Ecocentrism and anthropocentrism: Moral reasoning about ecological commonsdilemmas

Citation
Kv. Kortenkamp et Cf. Moore, Ecocentrism and anthropocentrism: Moral reasoning about ecological commonsdilemmas, J ENVIR PSY, 21(3), 2001, pp. 261-272
Citations number
27
Language
INGLESE
art.tipo
Article
Categorie Soggetti
EnvirnmentalStudies Geografy & Development
Journal title
JOURNAL OF ENVIRONMENTAL PSYCHOLOGY
ISSN journal
0272-4944 → ACNP
Volume
21
Issue
3
Year of publication
2001
Pages
261 - 272
Database
ISI
SICI code
0272-4944(200109)21:3<261:EAAMRA>2.0.ZU;2-S
Abstract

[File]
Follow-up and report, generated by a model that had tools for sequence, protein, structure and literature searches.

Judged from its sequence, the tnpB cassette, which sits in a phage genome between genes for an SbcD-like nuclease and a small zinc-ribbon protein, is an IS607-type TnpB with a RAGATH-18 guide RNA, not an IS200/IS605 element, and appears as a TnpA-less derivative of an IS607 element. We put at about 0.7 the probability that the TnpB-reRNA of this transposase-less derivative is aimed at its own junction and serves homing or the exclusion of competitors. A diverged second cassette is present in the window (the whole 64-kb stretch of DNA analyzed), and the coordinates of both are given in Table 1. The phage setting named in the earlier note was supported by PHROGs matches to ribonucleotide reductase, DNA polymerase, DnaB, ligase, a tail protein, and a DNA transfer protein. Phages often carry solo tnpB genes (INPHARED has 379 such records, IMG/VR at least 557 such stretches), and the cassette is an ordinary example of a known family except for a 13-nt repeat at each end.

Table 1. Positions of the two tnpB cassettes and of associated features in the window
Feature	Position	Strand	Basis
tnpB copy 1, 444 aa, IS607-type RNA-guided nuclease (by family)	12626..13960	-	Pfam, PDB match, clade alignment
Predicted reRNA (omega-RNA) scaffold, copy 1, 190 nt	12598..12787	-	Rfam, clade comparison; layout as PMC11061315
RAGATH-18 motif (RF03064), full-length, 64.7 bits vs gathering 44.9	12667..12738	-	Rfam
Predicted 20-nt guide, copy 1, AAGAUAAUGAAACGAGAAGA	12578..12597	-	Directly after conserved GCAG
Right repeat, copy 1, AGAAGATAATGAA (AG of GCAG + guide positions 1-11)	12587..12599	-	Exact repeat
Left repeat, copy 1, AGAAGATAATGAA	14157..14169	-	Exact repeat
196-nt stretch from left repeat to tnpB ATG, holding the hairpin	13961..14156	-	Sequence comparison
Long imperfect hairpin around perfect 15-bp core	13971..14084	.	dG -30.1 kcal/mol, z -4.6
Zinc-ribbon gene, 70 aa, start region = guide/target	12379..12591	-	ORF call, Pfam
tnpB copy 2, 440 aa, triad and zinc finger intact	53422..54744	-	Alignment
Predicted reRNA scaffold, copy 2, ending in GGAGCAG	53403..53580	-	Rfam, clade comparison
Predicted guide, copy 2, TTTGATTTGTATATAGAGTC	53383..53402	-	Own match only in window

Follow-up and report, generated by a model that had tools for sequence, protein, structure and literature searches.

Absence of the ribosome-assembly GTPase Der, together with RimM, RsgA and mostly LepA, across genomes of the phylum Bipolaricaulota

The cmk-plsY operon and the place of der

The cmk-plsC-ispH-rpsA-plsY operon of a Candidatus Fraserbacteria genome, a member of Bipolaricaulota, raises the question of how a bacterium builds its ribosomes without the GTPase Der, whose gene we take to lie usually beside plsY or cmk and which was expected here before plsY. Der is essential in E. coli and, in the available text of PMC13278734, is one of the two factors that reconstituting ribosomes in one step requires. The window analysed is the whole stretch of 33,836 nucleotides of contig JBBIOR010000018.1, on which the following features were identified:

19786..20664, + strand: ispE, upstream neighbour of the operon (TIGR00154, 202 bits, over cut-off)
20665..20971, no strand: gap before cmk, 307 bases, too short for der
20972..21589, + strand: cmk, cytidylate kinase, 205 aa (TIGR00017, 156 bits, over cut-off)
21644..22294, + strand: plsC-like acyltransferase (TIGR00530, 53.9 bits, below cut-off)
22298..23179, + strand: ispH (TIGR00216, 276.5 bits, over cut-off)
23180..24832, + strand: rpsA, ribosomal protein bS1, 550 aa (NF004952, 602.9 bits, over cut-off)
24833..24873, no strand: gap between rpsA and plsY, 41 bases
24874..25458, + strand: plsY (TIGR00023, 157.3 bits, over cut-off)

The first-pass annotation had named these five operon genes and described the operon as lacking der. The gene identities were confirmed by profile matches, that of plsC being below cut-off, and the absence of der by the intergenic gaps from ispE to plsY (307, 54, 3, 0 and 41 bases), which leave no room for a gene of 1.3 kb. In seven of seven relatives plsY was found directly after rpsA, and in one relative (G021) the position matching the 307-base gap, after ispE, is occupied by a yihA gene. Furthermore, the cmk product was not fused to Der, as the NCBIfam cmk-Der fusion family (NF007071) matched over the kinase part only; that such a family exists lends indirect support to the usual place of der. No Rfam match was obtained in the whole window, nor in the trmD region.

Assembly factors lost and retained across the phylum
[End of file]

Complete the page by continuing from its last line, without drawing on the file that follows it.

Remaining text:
When do humans extend their ethical scope to include nature? Anthropocentri sm and ecocentrism are two ways of understanding an extension of ethics to nature. In an anthropocentric ethic nature deserves moral consideration bec ause how nature is treated affects humans. In an ecocentric ethic nature de serves moral consideration because nature has intrinsic value. In two exper iments participants (n = 91 and 84) generated moral reasoning responses to ecological moral dilemmas. The reasoning was coded as ecocentric, anthropoc entric, or nonenvironmental (i.e., social contracts, truthfulness). Individ ual differences and situational variables were examined in relation to mora l reasoning about ecological dilemmas. Pro-environmental attitudes were rel ated to more ecocentric and anthropocentric and less nonenvironmental reaso ning. The presence of information about the impact of ecological damage on the environment, especially a more "wild" environment, elicited more ecocen tric reasoning, while the presence of a social commitment elicited more non enviromnental moral reasoning. The implications of the research for conflic ts over environmental commons dilemmas are discussed. (C) 2001 Academic Pre ss.